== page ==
In a somewhat unprecedented act of violence, a Druze mob on the Golan Heights clashed with Israeli police on Wednesday while protesting against the construction of a new wind turbine facility.
A dozen police officers were injured and three protesters were hurt, two seriously, during the demonstration. The injured protesters were transported to Ziv Medical Center in Safed; one man in his 20s suffered from a gunshot wound.
The Israel Police said that 12 of its officers were injured in the clashes without giving details on their condition.
The police said one officer was forced to shoot “after he felt an immediate danger to his life, when a group of masked men approached him with stones in their possession. One of them who ran towards him with what was apparently a sharp object was slightly wounded in the leg by the shot.”
It was the second consecutive day that thousands of people from Majdal Shams—the largest of the four Druze towns in the Golan Heights—protested against Israel’s largest renewable energy project.
The protesters threw stones, fireworks and Molotov cocktails at officers, the police said. Several roads in the area were blocked as authorities dealt with the demonstrations.
Police said that in the afternoon, dozens of Druze attempted to take over a police point at a restaurant using live fire, throwing stones and shooting fireworks. The police provided visual evidence of the incident.
“It is important to note that any act of violence against police officers is unacceptable and will not be tolerated. The Israel Police is committed to ensuring the safety of all citizens and will take all necessary measures to maintain order and security,” police said in a statement.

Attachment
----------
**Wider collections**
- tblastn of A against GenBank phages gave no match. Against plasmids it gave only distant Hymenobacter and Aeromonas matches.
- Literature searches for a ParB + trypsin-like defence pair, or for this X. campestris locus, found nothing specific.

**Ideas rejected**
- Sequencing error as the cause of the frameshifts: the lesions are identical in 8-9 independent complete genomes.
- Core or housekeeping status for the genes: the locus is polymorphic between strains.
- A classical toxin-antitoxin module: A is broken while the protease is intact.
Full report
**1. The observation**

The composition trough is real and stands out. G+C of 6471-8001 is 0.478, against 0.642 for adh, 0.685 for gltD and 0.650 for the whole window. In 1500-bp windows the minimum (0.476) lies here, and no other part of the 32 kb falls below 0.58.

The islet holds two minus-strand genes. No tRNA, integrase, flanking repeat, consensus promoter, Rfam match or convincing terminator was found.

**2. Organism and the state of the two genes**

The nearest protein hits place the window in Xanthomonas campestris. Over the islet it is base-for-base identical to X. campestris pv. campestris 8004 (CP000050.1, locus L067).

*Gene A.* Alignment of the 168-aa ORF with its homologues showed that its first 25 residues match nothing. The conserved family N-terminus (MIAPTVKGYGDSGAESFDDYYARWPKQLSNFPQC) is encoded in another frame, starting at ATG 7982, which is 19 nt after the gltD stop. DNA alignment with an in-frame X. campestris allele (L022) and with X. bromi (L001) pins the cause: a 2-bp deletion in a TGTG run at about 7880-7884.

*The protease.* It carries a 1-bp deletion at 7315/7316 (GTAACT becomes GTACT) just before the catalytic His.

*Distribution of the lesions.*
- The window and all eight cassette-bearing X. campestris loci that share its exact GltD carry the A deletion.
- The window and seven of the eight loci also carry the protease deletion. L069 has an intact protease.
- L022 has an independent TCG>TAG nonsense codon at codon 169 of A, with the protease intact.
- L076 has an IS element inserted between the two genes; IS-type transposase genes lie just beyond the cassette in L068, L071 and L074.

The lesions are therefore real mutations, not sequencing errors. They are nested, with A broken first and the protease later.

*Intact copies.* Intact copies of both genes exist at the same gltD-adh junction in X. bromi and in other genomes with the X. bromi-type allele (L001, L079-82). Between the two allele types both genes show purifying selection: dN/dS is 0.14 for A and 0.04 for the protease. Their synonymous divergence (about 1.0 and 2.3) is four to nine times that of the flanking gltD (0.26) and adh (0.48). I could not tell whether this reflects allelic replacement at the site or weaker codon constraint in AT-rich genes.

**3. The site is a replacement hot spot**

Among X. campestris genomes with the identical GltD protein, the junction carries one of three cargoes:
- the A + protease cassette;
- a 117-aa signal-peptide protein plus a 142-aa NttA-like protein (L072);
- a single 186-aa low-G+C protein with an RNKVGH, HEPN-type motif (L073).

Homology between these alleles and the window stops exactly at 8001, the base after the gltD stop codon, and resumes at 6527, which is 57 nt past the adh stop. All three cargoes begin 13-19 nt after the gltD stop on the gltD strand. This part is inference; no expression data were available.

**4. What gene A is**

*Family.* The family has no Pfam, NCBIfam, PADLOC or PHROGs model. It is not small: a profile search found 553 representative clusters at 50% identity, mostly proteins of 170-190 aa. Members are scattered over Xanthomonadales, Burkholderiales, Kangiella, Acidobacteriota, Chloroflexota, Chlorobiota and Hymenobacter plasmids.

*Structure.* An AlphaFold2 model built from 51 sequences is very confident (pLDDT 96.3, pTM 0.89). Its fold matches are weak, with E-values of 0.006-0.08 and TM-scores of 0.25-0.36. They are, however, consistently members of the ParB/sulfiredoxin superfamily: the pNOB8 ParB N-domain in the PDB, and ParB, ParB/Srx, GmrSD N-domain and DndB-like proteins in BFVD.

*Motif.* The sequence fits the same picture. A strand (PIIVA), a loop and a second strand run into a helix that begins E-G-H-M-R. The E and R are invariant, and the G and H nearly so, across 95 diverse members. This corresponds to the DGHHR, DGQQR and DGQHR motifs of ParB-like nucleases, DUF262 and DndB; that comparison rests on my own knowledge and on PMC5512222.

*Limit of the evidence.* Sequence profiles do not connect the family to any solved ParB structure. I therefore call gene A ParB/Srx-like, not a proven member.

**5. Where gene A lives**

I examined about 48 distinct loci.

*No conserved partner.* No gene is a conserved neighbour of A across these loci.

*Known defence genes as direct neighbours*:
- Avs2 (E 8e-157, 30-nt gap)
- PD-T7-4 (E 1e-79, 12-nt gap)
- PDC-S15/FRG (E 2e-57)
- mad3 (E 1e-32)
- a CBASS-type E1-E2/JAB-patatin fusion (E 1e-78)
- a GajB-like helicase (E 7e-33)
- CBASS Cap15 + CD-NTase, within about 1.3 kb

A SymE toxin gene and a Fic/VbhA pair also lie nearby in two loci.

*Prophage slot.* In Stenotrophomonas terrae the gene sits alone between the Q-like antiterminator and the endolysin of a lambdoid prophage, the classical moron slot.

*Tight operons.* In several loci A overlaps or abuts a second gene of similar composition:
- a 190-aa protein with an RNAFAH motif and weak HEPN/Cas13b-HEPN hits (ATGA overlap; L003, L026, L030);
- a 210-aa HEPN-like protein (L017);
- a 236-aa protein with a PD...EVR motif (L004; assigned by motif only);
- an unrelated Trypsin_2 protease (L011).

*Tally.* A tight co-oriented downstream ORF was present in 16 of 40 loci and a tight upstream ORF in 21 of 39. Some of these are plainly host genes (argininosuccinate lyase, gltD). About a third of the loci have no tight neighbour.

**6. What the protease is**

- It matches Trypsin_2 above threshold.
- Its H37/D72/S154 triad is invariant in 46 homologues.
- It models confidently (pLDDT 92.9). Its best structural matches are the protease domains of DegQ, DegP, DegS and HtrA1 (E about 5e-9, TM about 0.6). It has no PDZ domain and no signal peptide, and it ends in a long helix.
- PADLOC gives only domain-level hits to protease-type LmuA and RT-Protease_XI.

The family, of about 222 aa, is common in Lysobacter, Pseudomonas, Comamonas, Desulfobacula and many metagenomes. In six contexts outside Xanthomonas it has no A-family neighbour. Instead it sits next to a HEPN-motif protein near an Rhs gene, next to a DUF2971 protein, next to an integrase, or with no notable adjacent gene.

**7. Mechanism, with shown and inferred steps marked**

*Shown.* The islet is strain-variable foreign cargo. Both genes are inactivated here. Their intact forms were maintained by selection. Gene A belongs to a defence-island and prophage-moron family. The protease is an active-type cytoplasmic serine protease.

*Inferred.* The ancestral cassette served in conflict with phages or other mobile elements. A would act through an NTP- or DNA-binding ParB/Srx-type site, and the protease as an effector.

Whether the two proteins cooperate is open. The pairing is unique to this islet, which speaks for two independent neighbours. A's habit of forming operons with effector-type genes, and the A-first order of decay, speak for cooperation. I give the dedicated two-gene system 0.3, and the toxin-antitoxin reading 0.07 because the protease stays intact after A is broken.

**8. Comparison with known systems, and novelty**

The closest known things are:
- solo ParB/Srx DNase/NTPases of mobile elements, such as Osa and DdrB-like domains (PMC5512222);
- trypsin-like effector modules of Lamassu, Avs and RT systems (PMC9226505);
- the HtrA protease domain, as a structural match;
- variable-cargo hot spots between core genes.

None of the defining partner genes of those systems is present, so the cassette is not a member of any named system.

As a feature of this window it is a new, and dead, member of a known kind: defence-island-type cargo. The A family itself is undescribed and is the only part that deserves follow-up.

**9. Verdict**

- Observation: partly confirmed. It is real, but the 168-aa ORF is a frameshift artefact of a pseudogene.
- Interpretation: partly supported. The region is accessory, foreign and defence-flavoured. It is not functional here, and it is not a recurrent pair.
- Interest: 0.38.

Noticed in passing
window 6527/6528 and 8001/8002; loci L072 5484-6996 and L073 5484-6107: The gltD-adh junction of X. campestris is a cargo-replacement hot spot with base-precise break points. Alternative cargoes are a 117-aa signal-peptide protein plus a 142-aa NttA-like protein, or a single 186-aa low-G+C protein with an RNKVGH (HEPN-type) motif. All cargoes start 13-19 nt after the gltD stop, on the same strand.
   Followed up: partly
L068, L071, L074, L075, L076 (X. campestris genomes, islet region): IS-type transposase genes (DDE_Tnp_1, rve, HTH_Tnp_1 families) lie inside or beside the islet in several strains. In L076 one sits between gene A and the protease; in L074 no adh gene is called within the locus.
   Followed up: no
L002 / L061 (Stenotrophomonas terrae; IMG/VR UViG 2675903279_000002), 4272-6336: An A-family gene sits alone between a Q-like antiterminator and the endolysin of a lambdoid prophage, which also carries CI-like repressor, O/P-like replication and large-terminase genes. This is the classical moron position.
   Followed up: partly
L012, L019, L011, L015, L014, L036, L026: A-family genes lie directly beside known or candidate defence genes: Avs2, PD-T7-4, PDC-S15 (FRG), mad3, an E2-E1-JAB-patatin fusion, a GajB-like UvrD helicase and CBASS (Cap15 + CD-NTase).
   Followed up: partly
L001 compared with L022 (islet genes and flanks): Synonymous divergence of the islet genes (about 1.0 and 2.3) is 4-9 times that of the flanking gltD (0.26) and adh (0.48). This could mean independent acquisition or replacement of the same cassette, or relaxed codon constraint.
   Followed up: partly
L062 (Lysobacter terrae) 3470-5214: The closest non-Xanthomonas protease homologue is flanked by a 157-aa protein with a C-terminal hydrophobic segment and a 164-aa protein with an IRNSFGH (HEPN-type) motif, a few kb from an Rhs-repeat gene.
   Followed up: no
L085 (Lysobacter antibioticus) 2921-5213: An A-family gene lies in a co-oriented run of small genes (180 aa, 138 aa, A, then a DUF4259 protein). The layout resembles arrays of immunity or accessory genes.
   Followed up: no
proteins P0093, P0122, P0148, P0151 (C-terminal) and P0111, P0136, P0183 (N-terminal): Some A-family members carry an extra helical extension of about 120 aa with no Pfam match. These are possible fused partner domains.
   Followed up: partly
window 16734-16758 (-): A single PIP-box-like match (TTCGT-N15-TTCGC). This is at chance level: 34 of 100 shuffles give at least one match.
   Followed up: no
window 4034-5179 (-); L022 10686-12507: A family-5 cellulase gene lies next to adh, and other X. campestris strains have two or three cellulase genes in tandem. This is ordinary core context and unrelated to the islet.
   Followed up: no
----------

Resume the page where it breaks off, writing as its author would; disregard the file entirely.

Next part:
The Enlight Renewable Energy company announced the groundbreaking for the $350 million Genesis Wind project in June, which will include 38 advanced wind turbines upon completion. The Druze community sees the project as an encroachment on their land.
Finance Minister Bezalel Smotrich in a statement said that the government was moving ahead with a plan to address the concerns of the Druze villagers. He added, however, that there was no justification for violence and that the wind farm project went through the proper legal procedures to be built.
The Druze community in general are seen as loyal citizens of the State of Israel, and Druze with Israeli citizenship are, by their own request, required to do military service alongside their Jewish countrymen. Druze and Jews regularly refer to one another as “blood brothers.”
But the Druze population on the Golan Heights are mostly not Israeli citizens. While the Golan has been annexed, and citizenship offered to the Druze living there, most turned it down for fear the territory would one day be returned to Syria and they branded as traitors.
The Druze on the Golan are usually not seen as a security problem and are typically welcoming of Israelis. But there is concern that the younger generations are being influenced by anti-Israel sentiments on Arabic-language social media.
With reporting by TPS.
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